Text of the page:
Scott Jaschik

Scott Jaschik, Editor, is one of the three founders of Inside Higher Ed. With Doug Lederman, he leads the editorial operations of Inside Higher Ed, overseeing news content, opinion pieces, career advice, blogs and other features. Scott is a leading voice on higher education issues, quoted regularly in publications nationwide, and publishing articles on colleges in publications such as The New York Times, The Boston Globe, The Washington Post, Salon, and elsewhere. He has been a judge or screener for the National Magazine Awards, the Online Journalism Awards, the Folio Editorial Excellence Awards, and the Education Writers Association Awards. Scott served as a mentor in the community college fellowship program of the Hechinger Institute on Education and the Media, of Teachers College, Columbia University. He is a member of the board of the Education Writers Association. From 1999-2003, Scott was editor of The Chronicle of Higher Education. Scott grew up in Rochester, N.Y., and graduated from Cornell University in 1985. He lives in Washington.

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Most Recent Articles

November 27, 2012
Two Kentucky newspapers -- The Herald-Leader and The Courier-Journal -- recently obtained open records showing that the reported attendance at University of Kentucky football games far exceeded what some people would consider actual attendance (the number of actual tickets scanned at each game). When the journalists attempted to find the data for the last home game, they found that they couldn't get it.
November 27, 2012
Alabama State University's board has placed its president, in office only since September, on leave, Alabama.com reported. Citing various press reports in the state, the article said that the president, Joseph Silver, said he was being forced out because he had tried to fire two officials for insubordination. One of those officials has now been named interim president.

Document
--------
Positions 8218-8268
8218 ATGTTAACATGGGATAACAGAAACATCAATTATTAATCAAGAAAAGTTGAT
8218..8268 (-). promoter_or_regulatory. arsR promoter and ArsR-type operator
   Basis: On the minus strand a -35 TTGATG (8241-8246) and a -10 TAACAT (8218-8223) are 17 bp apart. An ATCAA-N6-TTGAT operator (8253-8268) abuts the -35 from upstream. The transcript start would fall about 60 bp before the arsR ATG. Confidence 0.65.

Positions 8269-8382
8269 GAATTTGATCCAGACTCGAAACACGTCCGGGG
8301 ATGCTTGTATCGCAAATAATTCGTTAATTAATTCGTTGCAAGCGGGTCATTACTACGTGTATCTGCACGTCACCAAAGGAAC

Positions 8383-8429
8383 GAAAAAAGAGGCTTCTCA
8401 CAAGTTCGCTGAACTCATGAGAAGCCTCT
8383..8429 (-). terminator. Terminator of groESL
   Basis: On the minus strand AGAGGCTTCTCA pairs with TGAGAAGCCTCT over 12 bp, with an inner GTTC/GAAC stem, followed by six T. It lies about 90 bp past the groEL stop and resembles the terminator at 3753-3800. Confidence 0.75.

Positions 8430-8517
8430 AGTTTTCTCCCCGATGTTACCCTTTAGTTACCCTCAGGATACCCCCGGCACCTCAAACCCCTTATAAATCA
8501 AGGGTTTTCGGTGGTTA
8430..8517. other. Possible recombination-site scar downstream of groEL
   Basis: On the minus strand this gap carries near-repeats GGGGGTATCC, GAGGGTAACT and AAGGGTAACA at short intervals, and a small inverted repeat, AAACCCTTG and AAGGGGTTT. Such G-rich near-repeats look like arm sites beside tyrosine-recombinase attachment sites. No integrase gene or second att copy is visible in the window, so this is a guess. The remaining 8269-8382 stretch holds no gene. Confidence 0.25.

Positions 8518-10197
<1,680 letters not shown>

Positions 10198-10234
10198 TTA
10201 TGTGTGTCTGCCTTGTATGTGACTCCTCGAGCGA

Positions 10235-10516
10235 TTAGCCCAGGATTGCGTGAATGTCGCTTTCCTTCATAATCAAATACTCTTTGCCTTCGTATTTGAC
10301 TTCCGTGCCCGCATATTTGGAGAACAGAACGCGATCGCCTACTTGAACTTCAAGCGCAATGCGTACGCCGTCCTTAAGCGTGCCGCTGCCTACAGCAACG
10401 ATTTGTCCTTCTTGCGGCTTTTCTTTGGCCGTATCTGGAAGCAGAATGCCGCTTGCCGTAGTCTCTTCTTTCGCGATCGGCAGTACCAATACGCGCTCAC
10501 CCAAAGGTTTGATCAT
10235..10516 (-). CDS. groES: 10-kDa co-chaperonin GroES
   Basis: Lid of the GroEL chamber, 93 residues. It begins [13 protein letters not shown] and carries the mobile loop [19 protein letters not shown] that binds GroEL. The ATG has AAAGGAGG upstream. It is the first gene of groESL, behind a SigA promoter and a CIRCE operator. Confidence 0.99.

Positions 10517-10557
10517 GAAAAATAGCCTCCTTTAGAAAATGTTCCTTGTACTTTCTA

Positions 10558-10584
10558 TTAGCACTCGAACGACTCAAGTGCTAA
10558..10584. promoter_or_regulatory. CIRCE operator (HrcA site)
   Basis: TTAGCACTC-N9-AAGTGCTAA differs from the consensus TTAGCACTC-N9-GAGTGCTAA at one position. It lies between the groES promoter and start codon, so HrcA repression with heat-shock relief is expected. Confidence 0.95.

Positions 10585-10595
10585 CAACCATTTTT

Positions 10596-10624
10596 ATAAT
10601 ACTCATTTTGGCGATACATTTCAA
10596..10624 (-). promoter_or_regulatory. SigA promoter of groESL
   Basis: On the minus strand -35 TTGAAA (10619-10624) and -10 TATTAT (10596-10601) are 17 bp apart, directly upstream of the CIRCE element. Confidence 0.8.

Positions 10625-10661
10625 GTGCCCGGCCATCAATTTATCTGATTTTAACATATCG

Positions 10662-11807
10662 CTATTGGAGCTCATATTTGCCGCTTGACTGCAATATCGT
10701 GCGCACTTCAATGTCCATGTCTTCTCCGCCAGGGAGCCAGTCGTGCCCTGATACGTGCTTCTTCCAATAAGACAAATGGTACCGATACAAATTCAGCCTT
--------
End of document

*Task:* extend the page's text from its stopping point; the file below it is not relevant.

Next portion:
November 27, 2012
In today’s Academic Minute, Jeremy Green of King’s College London explains how Alan Turing’s mathematical genius continues to guide scientists more than fifty years after his death. Learn more about the Academic Minute here.  
November 27, 2012
The 2013 University of Louisville Grawemeyer Award for Ideas Improving World Order is going to the authors of a book on non-violence. Erica Chenoweth, assistant professor at the University of Denver, and Maria Stephan, a foreign affairs officer with the U.S. State Department, were honored for Why Civil Resistance Works: The Strategic Logic of Non-Violent Conflict, published by Columbia University Press published the book in 2011. The award is worth $100,000.
November 27, 2012
The McGraw-Hill Companies has sold its education division to Apollo Global Management for $2.5 billion, the companies announced Monday. Lloyd G.
November 27, 2012
Florida Governor Rick Scott, a Republican, on Monday called for community colleges -- many of which in his state already offer bachelor's degrees -- to do so for total student costs of $10,000, The Orlando Sentinel reported. Those community colleges with bachelor's programs generally cost more than that. Texas Governor Rick Perry, a Republican, has championed the idea of the $10,000 degree and several such programs have launched in Texas.
November 27, 2012
Four music students at the conservatory of Baldwin Wallace University face charges that they were stealing equipment and chemicals from the university to set up a lab to produce the drug ecstasy, The Plain Dealer reported. The article details the investigation into the students, and the role of their text messages in implicating themselves. Dennis Bort, the lead investigator for the local police, said some of the texts were funny.

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